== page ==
commando

Sep

26

1943

Operation Jaywick attacks Japanese ships in Singapore

Then it was Davidson, playboy as he is, tried to sneak onboard undetected. He was a bit lucky he didn’t get a burst from a Bren gun. The blokes were pretty trigger-happy. Davo slipped over the stern and closely followed by Falls. Naturally we were more than delighted to see them. But boy, they were really beat cos they’d paddled 60 miles from Subar down to Pompong. It was pretty stressy stuff. They were pretty beat.

Jul

10

1943

The Commandos seaborne assault on Sicily

Something will happen at any moment now, I thought, and I strained to see land through the dimness, but there was only the rhythmical repetition of the retreating waves against the skyline. I was soon cold and stiff with standing in the bows and crept into the little space that had been saved for me under the gunwales; but the stench of vomit and the retching made it impossible to stay there for long and I preferred to shiver in the spray than to be sick.

Jul

4

1943

A great invasion armada prepares for battle

That evening, after two weeks at sea, we were told our destination was Sicily, and our landing beach in the south-east corner near Pachino. Soon after hearing this there was an almighty explosion close to hand and rushing on deck we saw the ‘Dervis’, the Commodore’s ship just ahead of us, had been torpedoed. Four more destroyers had joined our existing four the previous day, along with the old monitor ‘Roberts’ with its twin massive 16inch guns. After fourteen minutes the ‘Dervis’ sank.

Jun

27

1943

The Commandos receive their orders

The announcement gave a keener edge to our sensibility. We knew the worst at last. This expedition was not the gigantic hoax which we had been almost tempted to believe it; it was not a fantasy but a reality, that rose upright through the spume of fear and expectation like a gaunt rock from the ocean bed.

Feb

28

1943

Operation Gunnerside – the Telemark Raid

We said to the man, “You just run around the corner, up the staircase, lie down and keep your mouth open, until you hear the bang. There will be only one bang, so when it is over you can go down and watch the result”. I do not know ifhe did. But I know that he kept his mouth open, because he could hear when I met him two years later. Otherwise, if he had had his mouth closed he would have blown out his eardrums.

Dec

12

December 1942

Operation Frankton survivors reach their target

We were lucky. We could have arrived to discover that the harbour was empty; there had been no way to knowing how many ships we would find until this moment, and we were satisfied. We chose four targets. We turned back towards the cargo ship and pulled up alongside. Her hull shrouded us in darkness. We could hear the crew singing. I wondered what they’d be singing in a few hours’ time. It proved an easy target. I attached my magnet-holder to the hull to prevent the tide from carrying us away.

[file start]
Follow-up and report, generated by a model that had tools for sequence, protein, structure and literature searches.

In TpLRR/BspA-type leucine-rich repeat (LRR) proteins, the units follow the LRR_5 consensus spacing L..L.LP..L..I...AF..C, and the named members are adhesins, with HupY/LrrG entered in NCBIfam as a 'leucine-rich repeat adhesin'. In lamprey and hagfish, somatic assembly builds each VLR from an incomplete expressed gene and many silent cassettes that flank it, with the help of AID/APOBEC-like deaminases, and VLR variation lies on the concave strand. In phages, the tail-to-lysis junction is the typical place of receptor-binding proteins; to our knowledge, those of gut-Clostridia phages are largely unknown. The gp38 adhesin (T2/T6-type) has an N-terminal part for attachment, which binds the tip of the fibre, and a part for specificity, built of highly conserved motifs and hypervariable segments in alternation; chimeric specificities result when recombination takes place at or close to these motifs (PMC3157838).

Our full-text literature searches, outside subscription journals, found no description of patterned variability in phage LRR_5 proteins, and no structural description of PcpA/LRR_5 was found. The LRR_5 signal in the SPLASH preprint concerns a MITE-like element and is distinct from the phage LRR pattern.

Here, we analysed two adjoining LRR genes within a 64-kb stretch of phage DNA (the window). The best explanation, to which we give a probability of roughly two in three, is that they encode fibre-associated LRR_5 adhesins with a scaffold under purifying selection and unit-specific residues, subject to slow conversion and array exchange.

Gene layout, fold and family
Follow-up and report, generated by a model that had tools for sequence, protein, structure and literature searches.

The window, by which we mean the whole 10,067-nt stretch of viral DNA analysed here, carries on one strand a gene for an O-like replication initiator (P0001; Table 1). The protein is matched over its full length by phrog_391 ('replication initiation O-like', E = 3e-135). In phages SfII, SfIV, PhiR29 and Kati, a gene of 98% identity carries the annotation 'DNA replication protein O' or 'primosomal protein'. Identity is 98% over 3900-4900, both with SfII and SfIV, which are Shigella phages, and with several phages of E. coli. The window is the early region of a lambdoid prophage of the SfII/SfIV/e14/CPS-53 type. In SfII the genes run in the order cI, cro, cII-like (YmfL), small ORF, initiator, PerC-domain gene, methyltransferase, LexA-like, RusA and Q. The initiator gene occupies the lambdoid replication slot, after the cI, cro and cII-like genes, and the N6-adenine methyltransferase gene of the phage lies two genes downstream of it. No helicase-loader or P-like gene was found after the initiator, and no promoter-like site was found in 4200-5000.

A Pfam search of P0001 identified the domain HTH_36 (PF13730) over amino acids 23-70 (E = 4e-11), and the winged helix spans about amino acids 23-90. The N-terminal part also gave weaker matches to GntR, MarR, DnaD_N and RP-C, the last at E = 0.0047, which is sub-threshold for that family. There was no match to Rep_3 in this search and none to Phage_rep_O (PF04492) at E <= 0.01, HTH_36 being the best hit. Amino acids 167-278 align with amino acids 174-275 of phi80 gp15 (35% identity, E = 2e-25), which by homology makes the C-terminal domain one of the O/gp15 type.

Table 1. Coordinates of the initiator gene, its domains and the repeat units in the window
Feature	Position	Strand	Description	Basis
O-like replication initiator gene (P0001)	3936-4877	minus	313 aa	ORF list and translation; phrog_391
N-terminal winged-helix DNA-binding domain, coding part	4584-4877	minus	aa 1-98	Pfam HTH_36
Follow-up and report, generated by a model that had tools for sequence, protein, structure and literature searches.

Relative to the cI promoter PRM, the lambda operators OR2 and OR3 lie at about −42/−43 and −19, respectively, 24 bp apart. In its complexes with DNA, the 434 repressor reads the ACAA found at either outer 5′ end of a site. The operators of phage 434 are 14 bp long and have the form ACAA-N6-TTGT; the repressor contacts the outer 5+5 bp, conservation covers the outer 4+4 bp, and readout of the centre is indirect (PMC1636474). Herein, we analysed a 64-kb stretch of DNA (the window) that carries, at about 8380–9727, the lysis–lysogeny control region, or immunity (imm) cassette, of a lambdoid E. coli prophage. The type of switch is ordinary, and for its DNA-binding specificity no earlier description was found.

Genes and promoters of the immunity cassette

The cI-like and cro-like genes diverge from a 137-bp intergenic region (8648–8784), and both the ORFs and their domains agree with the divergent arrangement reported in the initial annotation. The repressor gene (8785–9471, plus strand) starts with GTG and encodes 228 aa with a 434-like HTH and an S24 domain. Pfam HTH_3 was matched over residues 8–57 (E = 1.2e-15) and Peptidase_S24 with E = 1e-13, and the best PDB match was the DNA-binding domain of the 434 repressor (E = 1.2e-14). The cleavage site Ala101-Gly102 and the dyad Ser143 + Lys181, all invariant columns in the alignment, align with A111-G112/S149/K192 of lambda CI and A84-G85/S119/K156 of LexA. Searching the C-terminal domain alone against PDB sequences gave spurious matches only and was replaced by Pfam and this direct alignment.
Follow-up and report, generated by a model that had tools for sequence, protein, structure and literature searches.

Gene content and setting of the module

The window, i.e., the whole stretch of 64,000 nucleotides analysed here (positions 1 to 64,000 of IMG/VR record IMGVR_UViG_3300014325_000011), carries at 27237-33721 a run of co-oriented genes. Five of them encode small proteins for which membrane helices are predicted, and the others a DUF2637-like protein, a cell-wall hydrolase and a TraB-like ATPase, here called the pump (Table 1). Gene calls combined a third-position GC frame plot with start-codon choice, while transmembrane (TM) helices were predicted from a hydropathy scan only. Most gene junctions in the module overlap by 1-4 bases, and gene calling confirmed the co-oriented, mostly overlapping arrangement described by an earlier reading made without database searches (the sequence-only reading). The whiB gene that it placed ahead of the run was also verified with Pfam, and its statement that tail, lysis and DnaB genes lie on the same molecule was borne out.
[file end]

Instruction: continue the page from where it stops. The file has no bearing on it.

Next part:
Dec

7

December 1942

Operation Frankton is launched from HMS Tuna

It was around two in the morning and we were falling behind schedule. The orders had been plain; no man’s jeopardy should put the mission in peril. The Major was having to make swift decisions, and I could see that he was tormented. He could not just leave the two men there to fend for themselves in the freezing water. They would die for sure.

Oct

18

October 1942

Hitler’s Order – Summary death for Commandos

I therefore order: From now on all enemies on so-called commando missions in Europe or Africa, challenged by German troops, even if they are to all appearances soldiers in uniform or demolition troops, whether armed or unarmed, in battle or in flight, are to be slaughtered to the last man.

Sep

20

September 1942

Operation Musketoon – Commando raid on Glomfjord

After the operation, which took place successfully on the night of 20th September, we climbed up to the huts behind Glomfjord power station. Captain Black then told the rest of us to climb the hill as best we could and get away. We divided into two parties, Smith, O’Brien, Christiansen (Granlund), Fairclough and Trigg going up to the right and the others to the left. However Captain Black called Smith back to administer morphia to a man who had been wounded.

Aug

19

August 1942

Operation Jubilee – the raid on Dieppe

In the initial assault Major Porteous, working with the smaller of the two detachments, was shot at close range through the hand, the bullet passing through his palm and entering his upper arm. Undaunted, Major Porteous closed with his assailant, succeeded in disarming him and killed him with his own bayonet thereby saving the life of a British Sergeant on whom the German had turned his aim.